Because of the 1/4″ per foot slope in my shop floor I could not use the floor as my baseline marker to get various frame heights and angles. I went over to Lowes and bought a fairly inexpensive laser level. I set up and marked three reference postions on the floor, one at each side mostly in line with the spindle axis and a third postion close to the centerline of the hoist and car. I leveled the laser in the center postion and set an arbitary height that was well above the front suspension. I then transferred this height using pieces of masking tape attached to each of the hoist’s lift posts. This line will be used to establish all of the frame heights by measuring down to the frame instead of measuring up from the non level floor.
Before going much further I leveled the frame on the hoist by using shim blocks on each of the 4 lift pads to make sure the frame was level. This was checked every time I did any series of measurements. I then removed both fenders, both inner fender panels and finally the front splash pan and grille shell. This gave me good access to the radiator core support and the bracket holding it in place.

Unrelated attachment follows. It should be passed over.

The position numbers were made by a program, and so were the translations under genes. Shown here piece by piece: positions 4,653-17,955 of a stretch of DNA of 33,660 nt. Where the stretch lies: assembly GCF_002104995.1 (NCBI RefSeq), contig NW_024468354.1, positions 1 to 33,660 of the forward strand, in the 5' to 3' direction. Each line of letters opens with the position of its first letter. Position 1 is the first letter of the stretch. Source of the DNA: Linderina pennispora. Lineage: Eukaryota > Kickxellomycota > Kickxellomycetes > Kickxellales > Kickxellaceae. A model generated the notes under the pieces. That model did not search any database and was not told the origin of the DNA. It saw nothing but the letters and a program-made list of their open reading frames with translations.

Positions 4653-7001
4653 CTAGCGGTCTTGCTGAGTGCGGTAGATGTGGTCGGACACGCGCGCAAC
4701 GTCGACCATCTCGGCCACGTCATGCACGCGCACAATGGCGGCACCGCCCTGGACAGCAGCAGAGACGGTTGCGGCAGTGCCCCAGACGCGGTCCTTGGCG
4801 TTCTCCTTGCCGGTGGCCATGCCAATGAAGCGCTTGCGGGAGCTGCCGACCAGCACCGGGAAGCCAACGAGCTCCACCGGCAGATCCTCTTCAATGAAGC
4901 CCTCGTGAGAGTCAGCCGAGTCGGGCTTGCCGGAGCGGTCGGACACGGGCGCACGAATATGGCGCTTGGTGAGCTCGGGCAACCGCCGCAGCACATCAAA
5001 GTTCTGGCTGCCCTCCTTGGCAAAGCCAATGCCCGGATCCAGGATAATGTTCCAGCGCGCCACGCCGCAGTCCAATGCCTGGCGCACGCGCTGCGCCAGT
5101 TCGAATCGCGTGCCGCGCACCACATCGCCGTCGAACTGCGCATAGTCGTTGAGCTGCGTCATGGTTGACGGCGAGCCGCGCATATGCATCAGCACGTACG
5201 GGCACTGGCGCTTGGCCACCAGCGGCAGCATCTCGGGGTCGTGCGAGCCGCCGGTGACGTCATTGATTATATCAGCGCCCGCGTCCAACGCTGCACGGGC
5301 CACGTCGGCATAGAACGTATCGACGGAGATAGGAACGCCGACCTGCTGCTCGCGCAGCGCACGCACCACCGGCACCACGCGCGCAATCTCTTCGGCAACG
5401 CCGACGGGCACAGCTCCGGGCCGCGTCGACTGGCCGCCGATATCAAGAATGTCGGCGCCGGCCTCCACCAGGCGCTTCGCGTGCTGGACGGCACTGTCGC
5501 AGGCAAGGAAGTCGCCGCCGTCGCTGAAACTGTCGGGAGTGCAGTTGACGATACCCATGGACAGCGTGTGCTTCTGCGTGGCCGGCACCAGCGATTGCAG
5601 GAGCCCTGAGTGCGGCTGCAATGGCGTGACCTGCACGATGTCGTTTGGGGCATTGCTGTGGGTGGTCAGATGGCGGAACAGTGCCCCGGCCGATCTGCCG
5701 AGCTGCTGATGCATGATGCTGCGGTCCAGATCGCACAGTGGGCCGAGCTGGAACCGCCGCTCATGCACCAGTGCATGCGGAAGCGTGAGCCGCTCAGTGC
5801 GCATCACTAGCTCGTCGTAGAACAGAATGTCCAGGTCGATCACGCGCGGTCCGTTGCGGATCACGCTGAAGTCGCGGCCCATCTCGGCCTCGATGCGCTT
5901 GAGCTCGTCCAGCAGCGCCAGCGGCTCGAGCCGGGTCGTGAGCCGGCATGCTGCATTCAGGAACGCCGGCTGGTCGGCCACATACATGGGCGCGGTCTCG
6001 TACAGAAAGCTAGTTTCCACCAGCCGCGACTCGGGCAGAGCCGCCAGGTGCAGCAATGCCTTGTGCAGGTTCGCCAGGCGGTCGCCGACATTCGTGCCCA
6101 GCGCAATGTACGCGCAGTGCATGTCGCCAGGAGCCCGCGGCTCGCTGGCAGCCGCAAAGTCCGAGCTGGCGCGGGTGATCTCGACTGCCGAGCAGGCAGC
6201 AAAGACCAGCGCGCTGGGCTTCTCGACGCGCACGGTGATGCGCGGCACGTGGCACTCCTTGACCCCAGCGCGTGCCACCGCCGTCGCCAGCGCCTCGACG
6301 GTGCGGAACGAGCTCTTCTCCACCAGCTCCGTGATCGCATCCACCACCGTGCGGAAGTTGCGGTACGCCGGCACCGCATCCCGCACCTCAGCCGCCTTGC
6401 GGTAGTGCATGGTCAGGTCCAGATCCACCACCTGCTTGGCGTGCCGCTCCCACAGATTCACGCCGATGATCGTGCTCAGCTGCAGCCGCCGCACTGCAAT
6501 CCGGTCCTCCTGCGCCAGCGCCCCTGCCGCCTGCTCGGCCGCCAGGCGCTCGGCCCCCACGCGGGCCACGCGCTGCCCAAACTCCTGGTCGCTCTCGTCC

Using a Laser to Measure the Front Clip
On of the keys to getting a suspension clip swap right for cars of this vintage is to accurately position the core support since it is key to proper alignment of the front fenders, hood and bumper. In that this swap would take a fair amount of time, I decided to fabricate a jig that was mounted to the firewall that would accurately fix the position of the radiator core support, not only vertically and horizontally but also picking up the same mounting angle that was present in the factory installation.
Fabricating a Jig to Align the Core Support
Once the core support jig was in place, I established a reference point on each frame rail that could be used to establish the centerline of the car and also the exact location of each spindle axle center. The Dodge was then pushed into one of the garage bays to wait while I found a front suspension donor.